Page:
By Rachel Hartdegen, Campus Carrier Staff Writer
MOUNT BERRY, Ga. — On Wednesday, Provost Mary Boyd released a statement that Berry will be implementing a satisfactory and unsatisfactory grading option for the spring 2020 semester. This option was decided by the Academic Counsel during an emergency meeting that was held on Monday morning.
This option is a temporary change for the spring semester only, in response to the transition to online instruction. Students have the opportunity to choose this for any of their classes if the course allows. This conversion is to help students who are having a hard time with remote learning.
With this new grading option, students will receive a satisfactory grade for a letter grade of D or above and an unsatisfactory grade for letter grades below a D. Once a student decides to convert their grade, they will not be able to return to the letter grade system for this semester.
A grade of satisfactory will satisfy requirements for majors and minors, as well as requirements for foundations courses. This grading option will also have no impact on a student’s GPA, but this conversion could have an impact on future opportunities. These adjusted grade options will be seen by future employers and graduate school committees on a transcript, so these grade adjustments could impact life outside of Berry.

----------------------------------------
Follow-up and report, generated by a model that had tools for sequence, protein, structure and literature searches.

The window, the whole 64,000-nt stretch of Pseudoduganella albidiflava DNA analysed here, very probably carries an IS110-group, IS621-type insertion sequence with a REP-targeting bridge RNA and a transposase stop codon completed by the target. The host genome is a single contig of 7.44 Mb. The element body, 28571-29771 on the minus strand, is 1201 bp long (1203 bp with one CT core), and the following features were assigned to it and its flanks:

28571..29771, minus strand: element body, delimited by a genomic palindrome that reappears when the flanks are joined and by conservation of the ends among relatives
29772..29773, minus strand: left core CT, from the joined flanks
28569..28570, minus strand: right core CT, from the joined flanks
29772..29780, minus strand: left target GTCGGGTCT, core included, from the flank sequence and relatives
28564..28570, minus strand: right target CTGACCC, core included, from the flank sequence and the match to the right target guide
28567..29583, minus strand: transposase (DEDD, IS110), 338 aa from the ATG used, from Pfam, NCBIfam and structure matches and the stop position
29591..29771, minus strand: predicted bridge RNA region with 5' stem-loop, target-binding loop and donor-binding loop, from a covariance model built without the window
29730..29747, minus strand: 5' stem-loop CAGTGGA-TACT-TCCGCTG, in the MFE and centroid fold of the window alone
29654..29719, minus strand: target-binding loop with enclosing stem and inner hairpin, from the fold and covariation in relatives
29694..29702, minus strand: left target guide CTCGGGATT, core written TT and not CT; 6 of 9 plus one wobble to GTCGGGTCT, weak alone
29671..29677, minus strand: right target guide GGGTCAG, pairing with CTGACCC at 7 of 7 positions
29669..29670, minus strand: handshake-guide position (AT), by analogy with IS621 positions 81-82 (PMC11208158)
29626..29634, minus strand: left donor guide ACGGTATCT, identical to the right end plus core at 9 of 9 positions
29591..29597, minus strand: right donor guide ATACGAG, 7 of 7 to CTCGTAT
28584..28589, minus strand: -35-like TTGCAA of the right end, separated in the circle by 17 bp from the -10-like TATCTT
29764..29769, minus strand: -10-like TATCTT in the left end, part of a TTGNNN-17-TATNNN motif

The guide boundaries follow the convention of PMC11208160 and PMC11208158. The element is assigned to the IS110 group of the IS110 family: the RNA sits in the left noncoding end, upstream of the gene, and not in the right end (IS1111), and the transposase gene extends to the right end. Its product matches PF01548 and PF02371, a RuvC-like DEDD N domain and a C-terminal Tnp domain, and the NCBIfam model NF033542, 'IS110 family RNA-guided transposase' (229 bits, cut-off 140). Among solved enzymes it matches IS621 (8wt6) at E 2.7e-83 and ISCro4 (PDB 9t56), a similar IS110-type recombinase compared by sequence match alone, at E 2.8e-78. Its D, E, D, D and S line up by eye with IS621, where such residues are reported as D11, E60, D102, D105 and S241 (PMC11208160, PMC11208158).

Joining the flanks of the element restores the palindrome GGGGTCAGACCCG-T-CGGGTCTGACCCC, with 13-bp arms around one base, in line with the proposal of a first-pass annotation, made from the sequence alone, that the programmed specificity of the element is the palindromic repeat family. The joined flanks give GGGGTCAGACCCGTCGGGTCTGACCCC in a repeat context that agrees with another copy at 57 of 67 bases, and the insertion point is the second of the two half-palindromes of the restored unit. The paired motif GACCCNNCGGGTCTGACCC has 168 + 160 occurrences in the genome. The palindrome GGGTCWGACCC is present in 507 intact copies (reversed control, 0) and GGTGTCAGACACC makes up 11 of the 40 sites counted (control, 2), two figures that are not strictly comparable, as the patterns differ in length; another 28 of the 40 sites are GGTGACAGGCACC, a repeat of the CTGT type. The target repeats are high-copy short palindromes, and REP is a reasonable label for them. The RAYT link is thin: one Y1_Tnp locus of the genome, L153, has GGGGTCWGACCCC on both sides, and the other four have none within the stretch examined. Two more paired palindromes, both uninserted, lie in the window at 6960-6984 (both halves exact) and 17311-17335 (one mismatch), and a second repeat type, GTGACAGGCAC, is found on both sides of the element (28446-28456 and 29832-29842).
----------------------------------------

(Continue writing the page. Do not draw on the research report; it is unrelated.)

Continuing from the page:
To apply for a grade conversion, a student should first speak with their adviser and have the conversion approved. If the adviser approves the change, there is a form to fill out on Viking Web. This grade conversion also extends to Berry students studying abroad on a Berry approved program.
At the moment, professors will not be notified if a student converts their grade, so at the end of the semester professors will send their students’ letter grades to the registrar’s office. It is there that grades will be converted accordingly.
This temporary change has had a quick turnaround and some professors are unsettled by this decision. Dr. Brian Carroll, the department chair for communications, shared his concerns for this change.
“I think it underestimates our students,” Carroll said, “I’m fairly certain it removes incentive to embrace struggle and difficulty, in an academic sense. So, rather than striving, working, pushing to the next level, there is a big, fat, juicy reason to coast.”
As this change is implemented throughout the semester, more will be revealed, but at the moment students can choose whether to use this alternative grade option. The application for the grade conversion is due April 16 at 5 p.m.